ISLAMABAD (AP) â€” A regional conference held in Pakistan on Wednesday ended with calls for the resumption of Afghan-Taliban peace negotiations & an agreement by Islamabad & New Delhi to relaunch bilateral talks that broke down in August over tensions in Kashmir. Representatives of over two dozen countries met in the Pakistani capital as part of the Heart of Asia-Istanbul Process initiative, which was launched in 2011 to promote Afghan peace efforts. Pakistani Prime Minister Nawaz Sharif & Afghan President Ashraf Ghani jointly opened the conference amid tight security. In a statement after a trilateral meeting on the sidelines of the Islamabad gathering, the United States, Pakistan & Afghanistan expressed support for resuming Kabul-Taliban talks "immediately." A statement from the Pakistani foreign ministry said "all efforts for dialogue between Afghanistan & Taliban groups will be explored & encouraged." Earlier, Afghan Foreign Minister Salahuddin Rabbani told reporters that the United States, China & Pakistan had expressed their willingness to work with Kabul on peace efforts.
SINGAPORE (AP) â€” Former Australian Prime Minister Tony Abbott on Wednesday defended his comments suggesting that Western culture is superior to that of Islam, & called for U.S.-led assistance in defeating the Islamic State group. In a Sydney Daily Telegraph opinion piece published earlier in the day, Abbott, a staunch Catholic & former student priest, wrote of a need to "modernize" Islam, saying it propagates a culture that is inferior to that of the West. Critics associated his comments with those of U.S. Republican presidential candidate Donald Trump, who has proposed a controversial ban on all Muslim visitors to the U.S., with the exception of foreign Muslim leaders.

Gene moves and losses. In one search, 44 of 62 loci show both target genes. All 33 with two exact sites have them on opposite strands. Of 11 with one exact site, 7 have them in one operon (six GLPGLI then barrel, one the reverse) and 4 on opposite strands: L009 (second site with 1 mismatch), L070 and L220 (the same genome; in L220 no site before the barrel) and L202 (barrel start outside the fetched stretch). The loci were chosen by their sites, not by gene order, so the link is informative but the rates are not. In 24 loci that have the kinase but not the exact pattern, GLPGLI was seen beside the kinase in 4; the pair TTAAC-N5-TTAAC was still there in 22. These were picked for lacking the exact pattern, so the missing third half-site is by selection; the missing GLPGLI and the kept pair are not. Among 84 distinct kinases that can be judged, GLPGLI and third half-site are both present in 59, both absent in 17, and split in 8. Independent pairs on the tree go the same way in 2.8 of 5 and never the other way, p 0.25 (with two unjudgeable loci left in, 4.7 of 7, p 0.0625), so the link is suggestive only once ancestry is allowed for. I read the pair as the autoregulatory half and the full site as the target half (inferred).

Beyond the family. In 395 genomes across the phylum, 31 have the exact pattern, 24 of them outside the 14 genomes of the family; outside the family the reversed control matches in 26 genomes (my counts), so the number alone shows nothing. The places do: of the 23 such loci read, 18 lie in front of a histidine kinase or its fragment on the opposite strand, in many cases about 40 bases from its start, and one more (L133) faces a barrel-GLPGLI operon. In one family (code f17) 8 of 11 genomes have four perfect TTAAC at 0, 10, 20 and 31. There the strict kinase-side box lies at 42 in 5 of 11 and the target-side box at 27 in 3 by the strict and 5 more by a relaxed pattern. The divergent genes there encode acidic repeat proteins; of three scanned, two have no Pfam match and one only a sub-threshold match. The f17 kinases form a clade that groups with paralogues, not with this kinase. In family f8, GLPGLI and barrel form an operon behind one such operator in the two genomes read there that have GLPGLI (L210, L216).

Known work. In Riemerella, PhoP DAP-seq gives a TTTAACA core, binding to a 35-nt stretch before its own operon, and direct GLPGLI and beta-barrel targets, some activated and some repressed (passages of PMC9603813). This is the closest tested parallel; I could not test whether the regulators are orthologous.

TOKYO (AP) â€” The face masks, thick dark haze & pollution warnings plaguing residents of China's capital this week once were a fact of life for people living in Japan's biggest industrial cities. Japanese suffered from dire pollution problems for nearly a century, from the time the country first began industrializing in the late 1800s. But a combination of public protests & lawsuits, local government action, use of nuclear energy & upgrading of industries & technology helped to turn the tide in the 1970s & '80s. Some of the key factors that helped Japan's huge cleanup could offer hope for China, India & other countries facing severe environmental crisis: ___ CITIZEN ACTION: Japan has a tradition of popular protest dating back to the early years of its modernization in the 19th century Meiji era, when farmers sought assist against copper smelters & other polluters that poisoned their fields & forests.
BEIJING (AP) â€” Some Beijing residents use smokestacks to predict smog: Smoke drifting gently upward means stagnant air where smog will accumulate, while smoke blowing away from the mountains indicates fresher winds & clear air ahead. But the city government uses more sophisticated technology for its forecasts, including the one used this week to trigger Beijing's first-ever red alert for smog. The alert brought restrictions on cars & factories, as well as other measures aimed at keeping the smog in check. The system takes into account not only weather patterns that suspend pollutants in the air, yet moreover industry emissions, & flows of vehicles & their emissions â€” which will differ depending on the day of the week & time of day.
Source: “Associated Press”